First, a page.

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Radical hearing aid design draws on an unlikely inspiration
While the majority of us would be very happy to see out the summer without flies ruining our outdoor dining experience, one particular species of fly has provided the inspiration for a potential breakthrough in the technology of hearing aids. It's not just any old house-fly we're talking about, though.
Binghamton University engineering professor Ron Miles says this particular fly, called the ormia ochracea, is special because it’s as good as a human at locating the source of a sound.
“The female fly, when she’s pregnant and needs to have her babies, she listens for crickets to sing," says Miles. "And when she hears the cricket, she’ll fly to the cricket and have her babies and these maggots then burrow into the cricket and a few days later, they’ll emerge and leave a hollow shell.”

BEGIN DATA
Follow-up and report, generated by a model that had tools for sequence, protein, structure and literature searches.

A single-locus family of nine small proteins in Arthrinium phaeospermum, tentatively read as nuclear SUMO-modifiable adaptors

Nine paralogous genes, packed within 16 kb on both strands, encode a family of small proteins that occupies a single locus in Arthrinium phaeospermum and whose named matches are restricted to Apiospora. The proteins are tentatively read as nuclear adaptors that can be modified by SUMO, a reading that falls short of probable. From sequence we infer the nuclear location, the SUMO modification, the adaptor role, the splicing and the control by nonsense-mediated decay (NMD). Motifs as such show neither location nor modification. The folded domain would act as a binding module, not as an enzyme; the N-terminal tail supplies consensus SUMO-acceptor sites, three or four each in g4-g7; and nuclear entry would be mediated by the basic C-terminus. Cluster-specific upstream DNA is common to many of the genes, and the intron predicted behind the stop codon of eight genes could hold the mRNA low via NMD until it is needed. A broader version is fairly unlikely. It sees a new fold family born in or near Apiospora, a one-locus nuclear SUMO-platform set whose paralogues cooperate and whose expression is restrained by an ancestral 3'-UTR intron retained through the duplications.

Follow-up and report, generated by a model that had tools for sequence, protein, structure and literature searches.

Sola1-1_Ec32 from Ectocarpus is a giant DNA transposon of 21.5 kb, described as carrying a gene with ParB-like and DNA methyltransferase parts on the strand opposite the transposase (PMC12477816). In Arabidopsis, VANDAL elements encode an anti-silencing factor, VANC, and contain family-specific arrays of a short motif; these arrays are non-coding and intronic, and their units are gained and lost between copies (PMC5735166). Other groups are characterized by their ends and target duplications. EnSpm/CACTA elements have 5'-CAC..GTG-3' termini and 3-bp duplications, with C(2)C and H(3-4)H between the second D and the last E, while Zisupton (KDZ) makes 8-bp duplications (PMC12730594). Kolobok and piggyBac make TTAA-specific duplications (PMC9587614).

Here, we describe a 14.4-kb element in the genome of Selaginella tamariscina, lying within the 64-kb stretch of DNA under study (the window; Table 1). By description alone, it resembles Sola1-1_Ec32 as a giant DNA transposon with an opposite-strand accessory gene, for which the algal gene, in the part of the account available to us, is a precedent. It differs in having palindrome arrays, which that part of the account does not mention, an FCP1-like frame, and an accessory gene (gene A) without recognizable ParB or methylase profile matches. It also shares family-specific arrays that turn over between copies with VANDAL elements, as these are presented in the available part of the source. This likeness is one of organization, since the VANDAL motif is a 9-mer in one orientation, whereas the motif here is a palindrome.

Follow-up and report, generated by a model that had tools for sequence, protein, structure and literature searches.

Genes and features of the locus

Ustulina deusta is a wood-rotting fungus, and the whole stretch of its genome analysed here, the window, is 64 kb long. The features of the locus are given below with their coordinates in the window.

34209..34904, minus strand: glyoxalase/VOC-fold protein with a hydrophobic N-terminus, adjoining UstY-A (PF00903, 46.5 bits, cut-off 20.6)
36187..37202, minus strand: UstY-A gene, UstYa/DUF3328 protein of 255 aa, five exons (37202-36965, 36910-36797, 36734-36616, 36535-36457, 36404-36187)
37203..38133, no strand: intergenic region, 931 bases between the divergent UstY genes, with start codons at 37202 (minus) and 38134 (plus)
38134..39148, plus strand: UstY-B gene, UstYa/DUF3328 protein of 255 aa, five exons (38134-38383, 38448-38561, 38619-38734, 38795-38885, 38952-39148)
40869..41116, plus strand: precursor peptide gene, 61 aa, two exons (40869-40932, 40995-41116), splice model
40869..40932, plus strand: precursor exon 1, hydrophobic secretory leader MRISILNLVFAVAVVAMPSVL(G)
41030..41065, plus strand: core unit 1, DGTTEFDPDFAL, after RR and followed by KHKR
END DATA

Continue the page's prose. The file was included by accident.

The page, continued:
So the fly’s behavior isn’t pretty. The way most animals locate sound doesn’t work for ormia ochracea, and it's useful to know how this tiny parasite can locate its host.
For more on this story and others from the Innovation Trail and Matt Richmond, visit their website. You can also follow Matt Richmond on Twitter @MattKRichmond.
The Innovation Trail is a collaboration between five upstate New York public media outlets. The initiative, funded by the Corporation for Public Broadcasting (CPB), helps the public gain a better understanding of the connection between technological breakthroughs and the revitalization of the upstate New York economy.